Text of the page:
Drexel’s College of Arts and Sciences held its 14th annual Research Days Feb. 17 and 18 in Behrakis Grand Hall. This year, the event was extended to two days for oral presentations and poster exhibitions, with an interesting “Raft Debate” being held for the first time.
CoAS Research Days welcomed about 125 students as participants who presented their research and about 70 faculty judges from different departments in the college. The research topics ranged from mathematics, chemistry and physics to psychology, communication, history, political science and more.
“Research Day in the College of Arts and Sciences has been a growing and important component of celebrating the success of our students,” Dean Donna Murasko of CoAS said.“The addition this year of the raft debate added the dimension of making everyone feel like they’re at a community event. So while we [are] celebrating research, we celebrate the college as a community.”
The first day of the event was dedicated to oral presentations. Eighteen out of 35 applicants had been chosen by a jury for a presentation slot, which allowed them 15 minutes to speak about their projects in front of the judges and the audience. On the second day, participants exhibited their research posters. Posters and presentations were each prized in four categories: natural sciences — undergraduate, natural sciences — graduate, humanities/social sciences — undergraduate, and humanities/social sciences — graduate.
Lloyd Ackert, an associate teaching professor of history and the chair of this year’s CoAS Research Days, said, “I’m always impressed and quite startled sometimes even by how in-depth some of the work is and how accomplished it is…I think it is really fascinating. And I think it is really fascinating.”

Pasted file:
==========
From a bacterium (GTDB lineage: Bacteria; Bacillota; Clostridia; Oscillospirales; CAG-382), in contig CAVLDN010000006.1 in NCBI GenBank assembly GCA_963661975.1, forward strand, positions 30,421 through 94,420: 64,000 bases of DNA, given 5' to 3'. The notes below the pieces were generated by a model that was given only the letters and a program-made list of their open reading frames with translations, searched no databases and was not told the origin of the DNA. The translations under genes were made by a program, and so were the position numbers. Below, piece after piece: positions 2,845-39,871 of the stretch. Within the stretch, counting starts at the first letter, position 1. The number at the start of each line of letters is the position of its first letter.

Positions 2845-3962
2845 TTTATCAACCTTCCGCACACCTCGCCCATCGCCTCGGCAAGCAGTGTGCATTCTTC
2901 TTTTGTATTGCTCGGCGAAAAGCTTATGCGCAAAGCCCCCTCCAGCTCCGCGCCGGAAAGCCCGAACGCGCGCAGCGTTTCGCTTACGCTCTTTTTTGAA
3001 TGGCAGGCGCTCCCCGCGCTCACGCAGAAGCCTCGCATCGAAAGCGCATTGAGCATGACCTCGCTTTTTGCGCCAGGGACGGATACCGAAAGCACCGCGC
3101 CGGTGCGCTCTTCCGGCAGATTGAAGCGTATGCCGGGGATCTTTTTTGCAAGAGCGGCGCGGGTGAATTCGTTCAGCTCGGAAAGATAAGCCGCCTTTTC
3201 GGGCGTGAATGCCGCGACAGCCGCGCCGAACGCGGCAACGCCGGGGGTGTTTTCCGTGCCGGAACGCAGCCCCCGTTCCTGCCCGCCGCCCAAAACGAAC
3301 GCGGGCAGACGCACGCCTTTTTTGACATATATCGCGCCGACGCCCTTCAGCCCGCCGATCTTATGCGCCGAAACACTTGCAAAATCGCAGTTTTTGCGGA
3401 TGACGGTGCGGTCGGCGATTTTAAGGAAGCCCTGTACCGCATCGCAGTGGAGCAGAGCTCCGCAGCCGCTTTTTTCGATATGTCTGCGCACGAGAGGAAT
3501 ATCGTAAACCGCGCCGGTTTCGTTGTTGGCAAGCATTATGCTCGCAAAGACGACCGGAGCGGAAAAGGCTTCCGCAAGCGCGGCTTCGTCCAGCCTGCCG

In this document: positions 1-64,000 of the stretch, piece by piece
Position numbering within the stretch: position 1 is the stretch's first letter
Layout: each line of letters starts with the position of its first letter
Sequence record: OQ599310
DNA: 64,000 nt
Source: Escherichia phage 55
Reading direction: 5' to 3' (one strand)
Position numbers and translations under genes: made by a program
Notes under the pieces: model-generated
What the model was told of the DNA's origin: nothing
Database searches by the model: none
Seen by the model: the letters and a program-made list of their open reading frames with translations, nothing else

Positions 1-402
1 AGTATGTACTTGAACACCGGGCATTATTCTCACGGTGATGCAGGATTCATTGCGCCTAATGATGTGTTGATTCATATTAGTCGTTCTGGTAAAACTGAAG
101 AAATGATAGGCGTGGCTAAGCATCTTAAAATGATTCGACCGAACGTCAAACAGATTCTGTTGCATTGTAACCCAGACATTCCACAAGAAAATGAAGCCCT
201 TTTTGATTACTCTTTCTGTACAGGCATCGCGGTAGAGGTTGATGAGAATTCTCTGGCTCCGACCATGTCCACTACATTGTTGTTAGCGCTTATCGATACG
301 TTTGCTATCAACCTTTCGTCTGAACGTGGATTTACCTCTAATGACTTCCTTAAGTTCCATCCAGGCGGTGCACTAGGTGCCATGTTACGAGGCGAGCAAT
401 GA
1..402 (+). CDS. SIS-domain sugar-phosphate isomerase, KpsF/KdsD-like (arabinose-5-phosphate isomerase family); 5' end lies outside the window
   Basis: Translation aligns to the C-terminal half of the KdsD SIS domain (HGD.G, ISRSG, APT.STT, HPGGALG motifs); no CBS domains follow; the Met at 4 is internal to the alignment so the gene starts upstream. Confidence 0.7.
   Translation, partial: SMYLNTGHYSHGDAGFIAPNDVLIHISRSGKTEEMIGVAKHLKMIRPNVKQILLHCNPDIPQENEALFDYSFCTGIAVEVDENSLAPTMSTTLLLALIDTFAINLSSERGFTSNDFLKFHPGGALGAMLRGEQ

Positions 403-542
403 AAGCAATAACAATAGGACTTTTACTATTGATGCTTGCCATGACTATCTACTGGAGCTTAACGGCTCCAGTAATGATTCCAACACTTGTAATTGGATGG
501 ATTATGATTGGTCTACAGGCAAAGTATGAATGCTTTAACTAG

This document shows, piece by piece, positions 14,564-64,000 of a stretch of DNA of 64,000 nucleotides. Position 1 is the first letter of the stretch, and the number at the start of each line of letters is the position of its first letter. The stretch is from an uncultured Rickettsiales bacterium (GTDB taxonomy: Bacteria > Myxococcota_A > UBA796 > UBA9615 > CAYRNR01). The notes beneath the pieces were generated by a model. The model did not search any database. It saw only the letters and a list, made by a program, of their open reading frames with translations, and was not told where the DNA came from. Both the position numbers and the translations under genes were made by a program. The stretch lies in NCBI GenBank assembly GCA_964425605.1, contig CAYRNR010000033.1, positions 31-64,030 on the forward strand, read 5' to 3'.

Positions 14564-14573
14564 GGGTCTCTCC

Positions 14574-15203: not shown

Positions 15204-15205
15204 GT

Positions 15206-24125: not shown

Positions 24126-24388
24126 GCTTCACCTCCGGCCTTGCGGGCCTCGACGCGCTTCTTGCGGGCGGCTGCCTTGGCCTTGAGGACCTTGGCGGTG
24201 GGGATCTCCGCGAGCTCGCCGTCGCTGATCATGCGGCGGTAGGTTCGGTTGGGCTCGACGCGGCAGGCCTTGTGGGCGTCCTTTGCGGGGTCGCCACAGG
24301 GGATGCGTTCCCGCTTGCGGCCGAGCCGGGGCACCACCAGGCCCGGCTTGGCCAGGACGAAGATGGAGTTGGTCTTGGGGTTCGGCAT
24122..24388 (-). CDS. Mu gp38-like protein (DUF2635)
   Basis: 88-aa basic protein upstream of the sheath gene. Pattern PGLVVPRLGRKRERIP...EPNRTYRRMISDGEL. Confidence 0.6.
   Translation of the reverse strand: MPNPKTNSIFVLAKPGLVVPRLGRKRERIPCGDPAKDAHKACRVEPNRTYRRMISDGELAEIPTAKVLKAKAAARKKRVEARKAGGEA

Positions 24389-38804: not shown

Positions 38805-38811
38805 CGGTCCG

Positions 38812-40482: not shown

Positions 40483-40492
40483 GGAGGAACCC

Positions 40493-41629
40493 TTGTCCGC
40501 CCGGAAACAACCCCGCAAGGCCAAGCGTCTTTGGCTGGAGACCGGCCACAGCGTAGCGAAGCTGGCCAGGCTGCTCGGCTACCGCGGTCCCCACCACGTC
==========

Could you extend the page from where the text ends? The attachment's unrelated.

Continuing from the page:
According to Ackert, CoAS Research Days is an opportunity for students to share their ongoing, preliminary or completed research and present it in a short and concise format.
“[Research Days are] a really good help for the future,” Alison Novak, a doctoral candidate in communication, culture and media, as well as the first-prize winner of the humanities/social sciences — graduate category, said. “It is a good chance to talk about your research before you have to talk to somebody who is outside the University, so you get a lot of feedback. I’m going to have to defend my dissertation coming up, so I get some ideas of where the questions might be coming from.”
Victoria Baccini, a biological sciences pre-junior and first-place winner in the presentation category for natural sciences — undergraduate, provided similar sentiments: “It’s just been a really incredible experience. I’ve learned so much about being able to communicate my research to a wide audience, not just the people in the sciences.”
Baccini continued, “I want to get my [doctorate] in genetics so my goal is to do this a lot. So this was like the first step and a big step because I’ve never done anything like this before. So this definitely gave me the confidence to continue to do what I do.”
“The CoAS Raft Debate: A Disciplinary Battle To Save Humanity” was held the second day. The idea was proposed by Associate Dean for Humanities and Social Science Research, Kelly Joyce, after she attended a similar event at Saint Mary’s College. The debate was intellectual, thought-provoking and humorous. Nine professors representing nine different disciplines are hypothetically stranded on an island. The challenge was for each professor to provide a three-minute persuasive speech arguing why his or her field was most deserving of escape on the single-person life raft, the occupant of which would ultimately return to the mainland and save humanity. Professors also had an opportunity to give a one-minute speech to reinforce their argument afterward. The winner was determined by audience applause.